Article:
Metascore
58

Mixed or average reviews - based on 12 Critics

Critic score distribution:
  1. Positive: 7 out of 12
  2. Negative: 0 out of 12
  1. Reviewed by: Kyle Smith
    75
    A splendidly photographed IMAX 2-D film, takes us breathlessly through the process of designing Spirit and Opportunity, the two plucky Mars rovers that have been sending images 300 million miles since they hit the Red Planet in 2003.
  2. Roving Mars is bound to inspire hordes of young science geeks to dream about sending in their resumes. The rest of us may not feel so excited.
  3. Reviewed by: Mike Clark
    75
    The movie is more compelling than exciting with one exception: the kind of rocket blast-off sequence for which IMAX screens were seemingly invented.
  4. Reviewed by: Michael Esposito
    50
    The sad thing is, even for NASA/space fans, a snooze isn't out of the question despite the film's scant 40-minute running time.
  5. A workmanlike effort -- a precision piece of filmmaking that provides education for children and a refresher course that adults can benefit from as well.
  6. Reviewed by: Gregory Kirschling
    67
    The mission is an impressive coup for NASA - these scientists are smart! - but it doesn't quite slam-dunk as a fully satisfying IMAX experience.
  7. Reviewed by: Nathan Lee
    70
    If many of the scenes are fake, however, the thrill of the project is not, and what we do see of the surface - hyperclear photographs on the scale of 100-by-180 feet - is out of this world.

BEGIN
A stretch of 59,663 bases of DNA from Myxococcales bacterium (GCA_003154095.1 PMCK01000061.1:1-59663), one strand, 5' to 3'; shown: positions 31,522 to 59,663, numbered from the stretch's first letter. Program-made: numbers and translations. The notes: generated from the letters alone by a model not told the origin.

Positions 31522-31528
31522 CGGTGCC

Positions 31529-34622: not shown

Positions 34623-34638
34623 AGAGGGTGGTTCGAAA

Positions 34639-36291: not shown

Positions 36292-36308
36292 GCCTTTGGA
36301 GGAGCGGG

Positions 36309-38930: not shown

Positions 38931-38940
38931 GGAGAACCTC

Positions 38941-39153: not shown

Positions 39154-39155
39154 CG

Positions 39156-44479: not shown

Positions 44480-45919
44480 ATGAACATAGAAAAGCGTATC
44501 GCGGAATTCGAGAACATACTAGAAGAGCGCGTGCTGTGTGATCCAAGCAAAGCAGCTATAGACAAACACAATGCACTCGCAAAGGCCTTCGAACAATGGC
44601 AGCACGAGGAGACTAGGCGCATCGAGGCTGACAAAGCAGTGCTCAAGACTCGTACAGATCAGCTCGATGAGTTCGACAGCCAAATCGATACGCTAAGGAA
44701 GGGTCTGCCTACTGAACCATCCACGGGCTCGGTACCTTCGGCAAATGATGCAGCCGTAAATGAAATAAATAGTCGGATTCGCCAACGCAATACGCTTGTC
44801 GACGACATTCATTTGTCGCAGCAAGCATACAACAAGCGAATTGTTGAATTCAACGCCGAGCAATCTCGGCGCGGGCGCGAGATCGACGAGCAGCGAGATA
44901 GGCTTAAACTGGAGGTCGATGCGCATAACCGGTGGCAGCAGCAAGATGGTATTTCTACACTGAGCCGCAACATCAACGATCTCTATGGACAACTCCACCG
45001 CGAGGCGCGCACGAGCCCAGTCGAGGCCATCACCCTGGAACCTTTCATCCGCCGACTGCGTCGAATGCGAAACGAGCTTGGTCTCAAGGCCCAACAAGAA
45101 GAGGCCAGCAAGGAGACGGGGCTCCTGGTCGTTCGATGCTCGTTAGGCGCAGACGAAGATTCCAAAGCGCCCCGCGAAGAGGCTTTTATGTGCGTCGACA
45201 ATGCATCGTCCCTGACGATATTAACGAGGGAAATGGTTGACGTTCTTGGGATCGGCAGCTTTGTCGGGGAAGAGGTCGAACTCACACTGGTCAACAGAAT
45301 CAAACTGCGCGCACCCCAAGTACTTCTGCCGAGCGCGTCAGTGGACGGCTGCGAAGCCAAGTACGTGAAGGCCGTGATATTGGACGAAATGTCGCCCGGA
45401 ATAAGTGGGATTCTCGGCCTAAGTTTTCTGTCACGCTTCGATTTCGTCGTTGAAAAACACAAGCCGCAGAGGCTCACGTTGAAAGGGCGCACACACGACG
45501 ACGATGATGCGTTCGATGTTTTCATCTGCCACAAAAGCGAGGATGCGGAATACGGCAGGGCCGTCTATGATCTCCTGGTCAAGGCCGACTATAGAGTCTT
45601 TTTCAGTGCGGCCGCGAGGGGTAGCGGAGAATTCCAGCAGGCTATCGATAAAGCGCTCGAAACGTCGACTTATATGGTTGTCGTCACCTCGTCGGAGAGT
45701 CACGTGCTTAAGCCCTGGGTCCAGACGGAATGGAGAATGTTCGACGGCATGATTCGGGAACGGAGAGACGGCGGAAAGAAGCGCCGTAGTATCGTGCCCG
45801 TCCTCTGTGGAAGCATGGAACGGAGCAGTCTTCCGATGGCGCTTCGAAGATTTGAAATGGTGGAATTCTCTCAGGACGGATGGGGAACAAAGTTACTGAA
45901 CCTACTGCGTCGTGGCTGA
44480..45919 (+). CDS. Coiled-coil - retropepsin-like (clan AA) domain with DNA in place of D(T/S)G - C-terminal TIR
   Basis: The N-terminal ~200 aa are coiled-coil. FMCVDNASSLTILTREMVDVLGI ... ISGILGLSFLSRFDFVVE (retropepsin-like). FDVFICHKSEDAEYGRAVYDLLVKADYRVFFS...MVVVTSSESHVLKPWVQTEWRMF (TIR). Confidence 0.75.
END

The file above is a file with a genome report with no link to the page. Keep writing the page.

8. Reviewed by: Ronnie Scheib
    70
    Helmer George Butler correctly gauges his film's strengths, with the search for life in the universe becoming a heartfelt tribute to a couple of robots.
  9. 70
    A briskly moving, deeply engaging 40-minute documentary.
  10. Reviewed by: Joshua Katzman
    70
    Butler deftly intercuts real footage with CGI, heightening the drama, and the film becomes especially compelling once the robots are launched into space.
  11. Reviewed by: Mark Olsen
    50
    Not having a way to capture images of the machines at work means that too much of Butler's film -- his credits include "Pumping Iron" and the Imax film "Shackleton's Antarctic Adventure" -- is disappointingly made up of computer simulations.
  12. Sometimes comes on like a NASA commercial; those logos loom gigantic on the IMAX screen. More troublingly, the film fails to explain how computer animations were combined with actual imagery from the missions.

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